Loss of α2-6 sialylation promotes the transformation of synovial fibroblasts into a pro-inflammatory phenotype in Rheumatoid Arthritis.
Yilin Wang, Aneesah Khan, Aristotelis Antonopoulos, Laura Bouche, Christopher D Buckley, Andrew Filer, Karim Raza, Kun Ping-Li, Barbara Tolusso, Elisa Gremese, Mariola Kurowska-Stolarska, Stefano Alivernini, Anne Dell, Stuart M Haslam, Miguel A. Pineda
Received Date: 19th February 20
In healthy joints, synovial fibroblasts (SFs) provide the microenvironment required to mediate homeostasis but are recognized to adopt a pathological role in rheumatoid arthritis (RA), promoting the infiltration and activation of immune cells to perpetuate local inflammation, pain and joint destruction. Carbohydrates (glycans) attached to cell surface proteins are fundamental regulators of cellular interactions between stromal and immune cells, but very little is known about the glycome of SFs or how glycosylation regulates their biology. Here we fill these gaps in our understanding of stromal guided pathophysiology by systematically mapping glycosylation pathways in healthy and arthritic SFs. We used a combination of transcriptomic and glycomic analysis to show that transformation of fibroblasts into pro-inflammatory cells in RA is associated with profound glycan remodeling, a process that involves reduction of α2-6 terminal sialylation that is mostly mediated by TNFα-dependent inhibition of the glycosyltransferase ST6Gal1. We also show that sialylation of SFs correlates with distinct disease stages and SFs functional subsets in both human RA and models of mouse arthritis. We propose that pro-inflammatory cytokines in the joint remodel the SF-glycome, transforming a regulatory tissue intended to preserve local homeostasis, into an under-sialylated and highly pro-inflammatory microenvironment that contributes to an amplificatory inflammatory network that perpetuates chronic inflammation. These results highlight the importance of cell glycosylation in stromal immunology.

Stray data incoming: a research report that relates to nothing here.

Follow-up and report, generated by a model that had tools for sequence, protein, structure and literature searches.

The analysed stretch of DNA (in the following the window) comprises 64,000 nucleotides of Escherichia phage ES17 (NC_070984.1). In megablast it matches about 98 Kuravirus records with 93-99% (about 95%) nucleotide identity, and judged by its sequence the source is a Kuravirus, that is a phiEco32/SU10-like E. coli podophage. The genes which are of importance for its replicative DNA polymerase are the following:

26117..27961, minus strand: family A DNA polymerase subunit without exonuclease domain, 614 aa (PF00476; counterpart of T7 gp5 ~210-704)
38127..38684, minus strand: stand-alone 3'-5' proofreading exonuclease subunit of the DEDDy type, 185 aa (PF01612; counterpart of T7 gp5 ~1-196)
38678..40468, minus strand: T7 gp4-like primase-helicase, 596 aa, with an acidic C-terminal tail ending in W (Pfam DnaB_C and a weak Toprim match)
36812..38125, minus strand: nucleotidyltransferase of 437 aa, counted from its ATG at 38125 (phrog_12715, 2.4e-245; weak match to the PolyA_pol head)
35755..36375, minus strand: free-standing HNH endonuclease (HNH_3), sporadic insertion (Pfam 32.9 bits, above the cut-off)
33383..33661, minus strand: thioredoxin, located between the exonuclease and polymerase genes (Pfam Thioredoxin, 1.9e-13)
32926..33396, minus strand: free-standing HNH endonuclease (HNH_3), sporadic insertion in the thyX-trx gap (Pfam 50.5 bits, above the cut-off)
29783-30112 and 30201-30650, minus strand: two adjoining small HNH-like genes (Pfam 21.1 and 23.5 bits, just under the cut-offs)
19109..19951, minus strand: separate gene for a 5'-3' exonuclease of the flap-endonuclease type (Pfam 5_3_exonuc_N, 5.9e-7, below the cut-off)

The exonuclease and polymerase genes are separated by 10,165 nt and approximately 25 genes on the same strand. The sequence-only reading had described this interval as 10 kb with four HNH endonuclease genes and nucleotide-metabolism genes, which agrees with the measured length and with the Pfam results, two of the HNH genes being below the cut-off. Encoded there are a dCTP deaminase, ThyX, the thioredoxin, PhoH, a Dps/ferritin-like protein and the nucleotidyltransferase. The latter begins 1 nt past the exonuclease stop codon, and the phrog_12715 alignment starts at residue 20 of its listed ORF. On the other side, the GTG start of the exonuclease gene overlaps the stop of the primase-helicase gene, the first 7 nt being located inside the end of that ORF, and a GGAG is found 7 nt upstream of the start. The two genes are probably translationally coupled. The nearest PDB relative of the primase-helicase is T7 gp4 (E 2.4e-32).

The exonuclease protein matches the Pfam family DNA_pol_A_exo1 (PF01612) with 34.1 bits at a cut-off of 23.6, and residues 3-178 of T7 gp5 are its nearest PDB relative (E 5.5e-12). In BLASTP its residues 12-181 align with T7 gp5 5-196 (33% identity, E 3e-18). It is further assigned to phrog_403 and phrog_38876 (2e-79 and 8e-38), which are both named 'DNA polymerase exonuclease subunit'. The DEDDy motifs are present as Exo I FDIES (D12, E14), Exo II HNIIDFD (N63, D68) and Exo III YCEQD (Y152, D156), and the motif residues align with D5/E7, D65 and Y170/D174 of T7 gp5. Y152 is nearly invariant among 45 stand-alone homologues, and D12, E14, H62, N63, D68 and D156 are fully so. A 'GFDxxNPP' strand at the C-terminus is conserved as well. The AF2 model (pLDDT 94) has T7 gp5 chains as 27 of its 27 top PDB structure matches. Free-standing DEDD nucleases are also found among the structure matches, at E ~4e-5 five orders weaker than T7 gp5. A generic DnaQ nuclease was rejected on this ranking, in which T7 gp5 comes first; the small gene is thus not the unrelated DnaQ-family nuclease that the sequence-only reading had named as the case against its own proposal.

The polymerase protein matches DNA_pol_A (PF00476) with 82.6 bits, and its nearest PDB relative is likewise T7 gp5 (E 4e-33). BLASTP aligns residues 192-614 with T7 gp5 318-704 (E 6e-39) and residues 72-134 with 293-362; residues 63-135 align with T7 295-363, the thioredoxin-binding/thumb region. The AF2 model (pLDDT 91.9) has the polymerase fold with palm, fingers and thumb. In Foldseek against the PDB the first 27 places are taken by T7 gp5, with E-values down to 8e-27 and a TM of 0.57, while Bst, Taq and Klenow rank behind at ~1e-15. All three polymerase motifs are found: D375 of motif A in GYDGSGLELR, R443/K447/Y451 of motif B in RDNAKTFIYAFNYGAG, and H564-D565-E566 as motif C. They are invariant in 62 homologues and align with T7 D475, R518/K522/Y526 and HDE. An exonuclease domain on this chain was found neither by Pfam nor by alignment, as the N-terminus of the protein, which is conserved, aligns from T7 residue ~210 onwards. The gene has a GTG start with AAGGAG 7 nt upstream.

Read in full at bioRxiv.
This is an abstract of a preprint hosted on an independent third party site. It has not been peer reviewed but is currently under consideration at Nature Communications.